"The more we have locations or destinations and find what we do well, and try to maximize those areas," Trinidad said, "the more potential for not only (the) revenue a city can generate but a higher quality of life for its constituency base."

Fort Lowell Shootout

While most of the events are in their infancy, the Fort Lowell Shootout is a long-lasting staple of the Tucson youth scene, bringing in 6,600 people this year and $3.1 million of their direct spending, Trinidad said.

He described the under-14 co-ed tournament as a "signature event" in Tucson and a "huge economic driver" as 358 teams compete during a three-day event.

Curt Cannon, an operations director that's worked with the tournament for 23 years, estimated that around 200 teams came from outside the Tucson area.

The tournament's Olympic-style contest before the games start adds excitement to the tournament because it's so much different than other youth soccer tournaments, Cannon said.

Excitement isn't the only benefit, though. The opening ceremonies on Friday provide additional activities for the teams to participate in, which in turns requires another night in a Tucson hotel room.

Canada vs. Denmark International Friendly

The game was a dud as Denmark ran Canada off the pitch with a 4-0 win on a dreary Saturday afternoon. It wasn't about the on-field product for Foster and FC Tucson, though.

The first-ever international friendly in Tucson brought out 3,042 fans, with a mix of both casuals and country-specific supporters that showed up to Kino Sports Complex despite the heavy rains before kickoff.

"We wanted to demonstrate that Tucson was ready for international soccer and we wanted to demonstrate to Tucson that it's possible to bring it here," Foster said. "We thought that this game was a perfect opportunity."

The stadium had several empty sections, especially near what used to be home plate. Others were filled to the rim, including right behind the south goal where droves of Danish fans waved red flags and donned eccentric hats.

That turnout was what Foster and his company had been hoping for. Their goal was to show that Tucson could be an international friendly destination to the booking company of Soccer United Marketing.

"I think that we not only showed that we can host that type of game," Foster said, "We showed that could support it even in extreme weather circumstances. We're thrilled with the outcome of that game."

With $976 million dollars being brought into Pima County by Mexico each year, tapping into the international market entices both Foster and fellow co-managing partner of FC Tucson, Chris Keeney.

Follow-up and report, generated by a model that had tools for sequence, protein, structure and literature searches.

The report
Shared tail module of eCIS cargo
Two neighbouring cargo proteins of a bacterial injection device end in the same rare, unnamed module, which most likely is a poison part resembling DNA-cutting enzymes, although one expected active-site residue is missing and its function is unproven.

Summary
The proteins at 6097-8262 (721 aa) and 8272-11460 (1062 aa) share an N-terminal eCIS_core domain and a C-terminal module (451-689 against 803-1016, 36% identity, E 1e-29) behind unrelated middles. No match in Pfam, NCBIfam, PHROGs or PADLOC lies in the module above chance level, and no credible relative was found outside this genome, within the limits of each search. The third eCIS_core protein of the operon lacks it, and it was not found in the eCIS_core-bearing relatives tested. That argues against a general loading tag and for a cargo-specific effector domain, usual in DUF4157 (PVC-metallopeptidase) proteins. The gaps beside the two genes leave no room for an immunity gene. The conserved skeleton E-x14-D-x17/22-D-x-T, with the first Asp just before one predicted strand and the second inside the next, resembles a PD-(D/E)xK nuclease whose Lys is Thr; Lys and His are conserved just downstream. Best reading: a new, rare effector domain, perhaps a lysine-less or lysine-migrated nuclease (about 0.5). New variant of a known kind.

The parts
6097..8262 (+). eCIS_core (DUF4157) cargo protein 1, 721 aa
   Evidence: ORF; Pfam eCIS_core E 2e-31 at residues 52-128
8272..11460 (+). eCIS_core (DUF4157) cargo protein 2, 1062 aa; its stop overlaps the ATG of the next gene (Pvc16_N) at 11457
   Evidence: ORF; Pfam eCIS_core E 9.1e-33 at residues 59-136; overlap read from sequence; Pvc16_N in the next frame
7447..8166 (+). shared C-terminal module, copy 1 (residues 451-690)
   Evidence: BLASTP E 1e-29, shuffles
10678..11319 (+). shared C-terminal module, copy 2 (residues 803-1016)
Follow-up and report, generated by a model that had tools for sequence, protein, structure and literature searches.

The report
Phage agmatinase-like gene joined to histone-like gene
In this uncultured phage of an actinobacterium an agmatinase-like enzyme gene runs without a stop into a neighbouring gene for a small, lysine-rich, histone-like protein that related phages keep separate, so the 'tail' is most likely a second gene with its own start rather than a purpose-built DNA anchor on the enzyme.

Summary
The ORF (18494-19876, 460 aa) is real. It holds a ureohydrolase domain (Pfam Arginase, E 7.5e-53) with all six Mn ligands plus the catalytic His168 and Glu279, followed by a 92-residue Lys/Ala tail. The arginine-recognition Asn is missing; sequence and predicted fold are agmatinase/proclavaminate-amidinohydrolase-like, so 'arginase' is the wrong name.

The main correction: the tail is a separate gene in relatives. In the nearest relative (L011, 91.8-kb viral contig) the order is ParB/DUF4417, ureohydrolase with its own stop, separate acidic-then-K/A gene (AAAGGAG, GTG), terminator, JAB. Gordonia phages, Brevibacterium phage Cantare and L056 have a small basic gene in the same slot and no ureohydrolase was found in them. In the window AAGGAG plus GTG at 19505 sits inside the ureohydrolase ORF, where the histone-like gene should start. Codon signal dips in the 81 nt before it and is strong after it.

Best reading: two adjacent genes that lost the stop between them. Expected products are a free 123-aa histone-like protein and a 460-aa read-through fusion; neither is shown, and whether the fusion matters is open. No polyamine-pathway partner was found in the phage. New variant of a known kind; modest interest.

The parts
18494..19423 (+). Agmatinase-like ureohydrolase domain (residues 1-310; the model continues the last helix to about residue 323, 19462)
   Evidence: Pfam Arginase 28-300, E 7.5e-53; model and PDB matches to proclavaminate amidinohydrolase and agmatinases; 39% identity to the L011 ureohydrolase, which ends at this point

FC Tucson Desert Diamond Cup

The signature professional soccer event in Tucson is the FC Tucson Desert Diamond Cup, which brings in four MLS teams to compete in a four-day tournament spread over two weeks.

Last year's exhibition cup was the first to feature four MLS teams, with notable stars David Beckham and Landon Donovan capturing the tournament title for the Los Angeles Galaxy.

Keeney, FC Tucson's chief business officer, said last year's event was "wildly" successful, with more than 30,000 fans showing up in total for the tournament. The Desert Diamond Cup is continuing on in the same format as last year, but what's changed is the number of teams practicing in Tucson.

Ten of the 19 MLS organizations are using Tucson as a spring training destination, bringing with them supporters from out of town, most notably Seattle and Portland.

The fledgling business of FC Tucson still has a way to go, with both its PDL team and the yearly Desert Diamond Cup, before it's a booming business. Keeney said they were able to make it through all of the expenses last year, but are far away from a flourishing business.

"We are not rich sports owners by any stretch," Keeney said. "We're still living on shoe string and cereal. But the opportunity is there.

"Again, this is a business. Sometimes sports organizations look at it from a sports-first perspective. We're very passionate about the sport, but we're very passionate about the business and making good expense decisions, good investment decisions, taking calculated risk."

More by Kyle Johnson